In the year of our Lord 1018, while Cnut was ruling the Kingdom of the English, there appeared to the Northumbrian peoples a comet, which persisted for thirty nights, presaging in a terrible way the future devastation of the province. For soon afterwards (that is after thirty days) the whole people between the river Tees and the river Tweed fought a battle at Carham against a countless multitude of Scots and almost all perished, including even their old folk. When the bishop heard of the miserable death of the people of St. Cuthbert, he was stricken with deep sorrow of heart and sighed, saying “O why – wretched as I am – was I spared to see these times?”.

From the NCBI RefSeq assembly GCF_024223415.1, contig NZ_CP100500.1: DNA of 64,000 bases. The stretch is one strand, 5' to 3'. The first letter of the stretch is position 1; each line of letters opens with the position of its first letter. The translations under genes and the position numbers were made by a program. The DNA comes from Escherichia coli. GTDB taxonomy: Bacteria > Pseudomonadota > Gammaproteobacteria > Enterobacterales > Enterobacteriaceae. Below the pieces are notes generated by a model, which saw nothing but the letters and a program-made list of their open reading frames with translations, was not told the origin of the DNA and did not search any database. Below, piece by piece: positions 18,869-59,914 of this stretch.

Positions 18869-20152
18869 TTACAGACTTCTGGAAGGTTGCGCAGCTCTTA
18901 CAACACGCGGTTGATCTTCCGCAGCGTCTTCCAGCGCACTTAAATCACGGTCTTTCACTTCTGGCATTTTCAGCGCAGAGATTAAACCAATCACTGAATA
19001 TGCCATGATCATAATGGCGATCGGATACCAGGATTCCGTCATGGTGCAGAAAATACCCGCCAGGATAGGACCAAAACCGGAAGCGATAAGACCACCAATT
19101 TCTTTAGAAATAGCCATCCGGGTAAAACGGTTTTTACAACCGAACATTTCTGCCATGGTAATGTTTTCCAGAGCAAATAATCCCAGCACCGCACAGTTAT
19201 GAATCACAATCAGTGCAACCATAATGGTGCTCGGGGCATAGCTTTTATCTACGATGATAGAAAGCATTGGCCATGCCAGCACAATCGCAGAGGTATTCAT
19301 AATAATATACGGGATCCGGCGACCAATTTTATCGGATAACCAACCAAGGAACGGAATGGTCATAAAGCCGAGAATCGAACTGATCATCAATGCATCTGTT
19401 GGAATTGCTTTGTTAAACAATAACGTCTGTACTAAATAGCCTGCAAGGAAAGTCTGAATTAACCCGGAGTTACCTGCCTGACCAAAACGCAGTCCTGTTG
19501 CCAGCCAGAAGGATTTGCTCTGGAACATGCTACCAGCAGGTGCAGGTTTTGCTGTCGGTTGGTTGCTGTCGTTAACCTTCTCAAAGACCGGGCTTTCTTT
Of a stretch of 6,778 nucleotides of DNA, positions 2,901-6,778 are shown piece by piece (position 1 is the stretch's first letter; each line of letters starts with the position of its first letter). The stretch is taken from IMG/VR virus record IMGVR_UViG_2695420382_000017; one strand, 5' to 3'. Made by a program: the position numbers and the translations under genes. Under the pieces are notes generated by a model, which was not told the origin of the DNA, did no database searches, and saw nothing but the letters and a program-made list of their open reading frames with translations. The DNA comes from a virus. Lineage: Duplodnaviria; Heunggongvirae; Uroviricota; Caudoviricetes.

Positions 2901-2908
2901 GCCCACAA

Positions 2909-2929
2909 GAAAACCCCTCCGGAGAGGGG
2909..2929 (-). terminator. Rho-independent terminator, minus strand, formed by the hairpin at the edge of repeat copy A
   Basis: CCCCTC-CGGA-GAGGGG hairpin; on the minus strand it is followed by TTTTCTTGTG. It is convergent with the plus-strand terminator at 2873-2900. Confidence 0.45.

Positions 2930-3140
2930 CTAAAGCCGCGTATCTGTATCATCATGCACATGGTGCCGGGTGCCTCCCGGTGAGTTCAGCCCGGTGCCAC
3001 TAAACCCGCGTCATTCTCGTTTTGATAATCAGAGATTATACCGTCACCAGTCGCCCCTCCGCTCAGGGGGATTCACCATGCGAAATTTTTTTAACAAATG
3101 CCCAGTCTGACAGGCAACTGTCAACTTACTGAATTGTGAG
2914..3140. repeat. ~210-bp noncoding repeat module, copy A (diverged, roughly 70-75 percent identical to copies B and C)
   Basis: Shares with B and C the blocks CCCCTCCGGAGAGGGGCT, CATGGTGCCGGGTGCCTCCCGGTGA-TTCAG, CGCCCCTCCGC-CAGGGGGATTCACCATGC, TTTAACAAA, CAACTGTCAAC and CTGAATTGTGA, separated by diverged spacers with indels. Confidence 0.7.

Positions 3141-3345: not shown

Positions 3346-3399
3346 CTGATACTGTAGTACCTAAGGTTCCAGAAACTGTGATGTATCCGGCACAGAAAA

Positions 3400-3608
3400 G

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Another text attributed, in part to our friend Symeon of Durham was again written in the 12th Century. It covers the period 532 – 1199 AD. The original Latin text relating to the Battle of Carham is as follows: Cometa late spargens flammas visa est per Northymbrian per XXX noctes. Transactis post hoc XXX diebus fuit Carrum illud famosum bellum inter Northanhymbros et Scottos, ubi pene totus sancti Cuthberti populus interiit, inter quos etiam XVIII sacerdotes, qui inconsulte se intermiscuerant bello; quo audito prescriptus episcopus dolorem et vitam morte finivit. The English translation: A comet spewing flames was seen across Northumbria for thirty nights. When it passed after thirty days, the infamous battle of Carham was fought between the Northumbrians and Scots, where the entire populus of St Cuthbert met with the penalty of destruction, among them eighteen priests who had rashly got themselves involved in the fray; when he heard the news, the bishop, having ordered his affairs, ended his sadness and his life with death.